Snowpack news: The South Platte River basin is dropping against average — 155%

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Snowpack is declining against average in the South Platte River basin down from 156% of average since last week. Here’s the link to the South Platte Graph. The Rio Grande and southern Arkansas River basins are hurting.

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Here’s the link to the May 1 Colorado Basin Outlook Report from the National Resources Conservation Service.

From the Delta County Independent (Hank Lohmeyer):

Rob Fiedler, emergency coordinator for the county, reported to the BoCC Monday that 100 inches of wet snow was just measured at the Trickle Park gauging station. “That’s 130 percent of average,” Fiedler said.

Colorado River Cooperative Agreement: Prior appropriation often conflicts with maintaining streamflow

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From The Pueblo Chieftain (Chris Woodka):

“A change to a water right has become a suicide mission and hamstrings these types of agreements,” [Eric Kuhn, executive director of the Colorado River Conservation District] said at last week’s Interbasin Compact Committee. His comments brought a chorus of agreement, and talk of how to implement flexibility and creativity in water rights among others around the table.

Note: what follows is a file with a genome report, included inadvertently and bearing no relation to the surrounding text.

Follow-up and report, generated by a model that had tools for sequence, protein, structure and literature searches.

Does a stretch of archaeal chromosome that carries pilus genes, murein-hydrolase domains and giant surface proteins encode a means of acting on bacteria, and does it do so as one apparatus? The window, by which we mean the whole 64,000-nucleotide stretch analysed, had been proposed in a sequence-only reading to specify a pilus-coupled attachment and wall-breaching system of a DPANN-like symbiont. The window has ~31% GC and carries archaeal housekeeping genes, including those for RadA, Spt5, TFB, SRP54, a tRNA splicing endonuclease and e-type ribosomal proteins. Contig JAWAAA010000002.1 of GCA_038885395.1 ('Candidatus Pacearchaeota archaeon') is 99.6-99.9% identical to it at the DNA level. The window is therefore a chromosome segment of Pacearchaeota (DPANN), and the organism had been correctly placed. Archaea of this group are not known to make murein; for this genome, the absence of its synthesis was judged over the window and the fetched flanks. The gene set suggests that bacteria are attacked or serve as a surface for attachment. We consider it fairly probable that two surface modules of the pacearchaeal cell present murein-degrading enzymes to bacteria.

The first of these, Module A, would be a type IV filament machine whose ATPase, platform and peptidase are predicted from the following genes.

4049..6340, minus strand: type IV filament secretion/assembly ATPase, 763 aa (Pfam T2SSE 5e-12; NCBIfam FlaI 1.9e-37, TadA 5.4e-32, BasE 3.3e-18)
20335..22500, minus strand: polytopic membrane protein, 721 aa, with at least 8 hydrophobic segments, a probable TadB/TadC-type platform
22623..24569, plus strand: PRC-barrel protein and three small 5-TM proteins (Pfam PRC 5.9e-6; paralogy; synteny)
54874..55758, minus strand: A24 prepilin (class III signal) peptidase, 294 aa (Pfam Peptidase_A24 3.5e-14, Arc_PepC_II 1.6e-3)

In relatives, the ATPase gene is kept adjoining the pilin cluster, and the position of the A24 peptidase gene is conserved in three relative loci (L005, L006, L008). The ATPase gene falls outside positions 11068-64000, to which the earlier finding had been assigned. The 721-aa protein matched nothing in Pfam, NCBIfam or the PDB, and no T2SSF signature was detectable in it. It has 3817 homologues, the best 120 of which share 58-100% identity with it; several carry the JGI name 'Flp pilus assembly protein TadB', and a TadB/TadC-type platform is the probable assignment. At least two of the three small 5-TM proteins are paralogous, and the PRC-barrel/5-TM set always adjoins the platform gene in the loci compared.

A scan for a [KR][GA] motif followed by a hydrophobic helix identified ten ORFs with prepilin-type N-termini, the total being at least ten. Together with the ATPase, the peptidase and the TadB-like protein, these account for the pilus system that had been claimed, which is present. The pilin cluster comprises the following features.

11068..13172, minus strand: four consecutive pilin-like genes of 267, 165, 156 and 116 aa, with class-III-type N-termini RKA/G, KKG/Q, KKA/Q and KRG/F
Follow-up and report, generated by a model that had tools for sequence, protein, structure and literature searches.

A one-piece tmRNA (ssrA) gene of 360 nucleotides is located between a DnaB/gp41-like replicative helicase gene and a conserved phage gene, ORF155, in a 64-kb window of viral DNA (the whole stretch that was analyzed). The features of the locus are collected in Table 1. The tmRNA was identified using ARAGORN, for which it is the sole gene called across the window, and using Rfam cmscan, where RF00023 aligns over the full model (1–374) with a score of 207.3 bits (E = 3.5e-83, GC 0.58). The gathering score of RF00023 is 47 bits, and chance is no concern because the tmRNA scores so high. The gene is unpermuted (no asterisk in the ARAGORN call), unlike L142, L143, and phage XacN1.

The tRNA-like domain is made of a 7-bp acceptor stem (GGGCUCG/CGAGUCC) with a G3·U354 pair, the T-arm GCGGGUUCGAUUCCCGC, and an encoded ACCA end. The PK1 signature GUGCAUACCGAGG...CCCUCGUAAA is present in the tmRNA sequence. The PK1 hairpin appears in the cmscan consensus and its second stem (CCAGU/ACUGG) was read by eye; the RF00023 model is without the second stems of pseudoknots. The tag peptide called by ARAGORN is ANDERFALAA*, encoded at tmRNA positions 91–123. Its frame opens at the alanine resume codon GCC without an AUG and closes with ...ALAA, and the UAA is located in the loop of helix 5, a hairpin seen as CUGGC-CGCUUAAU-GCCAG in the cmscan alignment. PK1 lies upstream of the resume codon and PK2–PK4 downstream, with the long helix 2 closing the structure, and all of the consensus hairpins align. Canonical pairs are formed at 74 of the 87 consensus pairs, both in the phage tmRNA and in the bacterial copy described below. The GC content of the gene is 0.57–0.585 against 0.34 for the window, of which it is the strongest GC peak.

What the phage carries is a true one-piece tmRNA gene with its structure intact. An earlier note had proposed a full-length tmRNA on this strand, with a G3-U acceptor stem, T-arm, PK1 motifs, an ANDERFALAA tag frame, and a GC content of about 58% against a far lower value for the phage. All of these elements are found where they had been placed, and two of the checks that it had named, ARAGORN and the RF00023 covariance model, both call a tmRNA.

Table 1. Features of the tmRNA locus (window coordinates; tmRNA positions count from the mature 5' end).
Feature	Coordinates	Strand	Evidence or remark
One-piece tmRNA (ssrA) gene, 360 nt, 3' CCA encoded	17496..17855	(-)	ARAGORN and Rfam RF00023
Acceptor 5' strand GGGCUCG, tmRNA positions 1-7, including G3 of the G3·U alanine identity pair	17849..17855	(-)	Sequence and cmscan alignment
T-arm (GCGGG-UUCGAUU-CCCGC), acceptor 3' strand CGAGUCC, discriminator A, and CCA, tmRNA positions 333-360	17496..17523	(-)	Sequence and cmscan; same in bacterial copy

Actually, the state has spent months talking with the negotiators about the kinds of things that might be acceptable in guaranteeing flows, State Engineer Dick Wolfe said this week. “We’ve looked at the agreement in order to talk about implementation,” Wolfe said. “We went through a process to identify flexibility in existing laws.”[…]

There are five separate agreements with state and federal agencies that have to be reached in order to implement the Colorado River Cooperative Agreement. State provisions include a Blue River consent decree from Division 5 Water Court in Summit County, agreement on delivery of consumptive flows from Denver in Grand County, and an agreement on environmental flows. Agreements with the Bureau of Reclamation must be reach on the Shoshone power plant and for Green Mountain Reservoir operations…

“We push to have them take it to water court,” Wolfe said. “It minimizes what a future state engineer or division engineer may decide.” While court decrees are paramount, the state engineer can administer contracts between water users, and can also shepherd state in-stream flow rights (which can only be held by the Colorado Water Conservation Board) to meet flow demands. Water court case filings serve to notify other water users if changes are being contemplated.

More Colorado River Cooperative Agreement coverage here.

Colorado Division of Wildlife: Moffat Collection System and Windy Gap Firming projects hearings recap

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From The Mountain Mail (Joe Stone):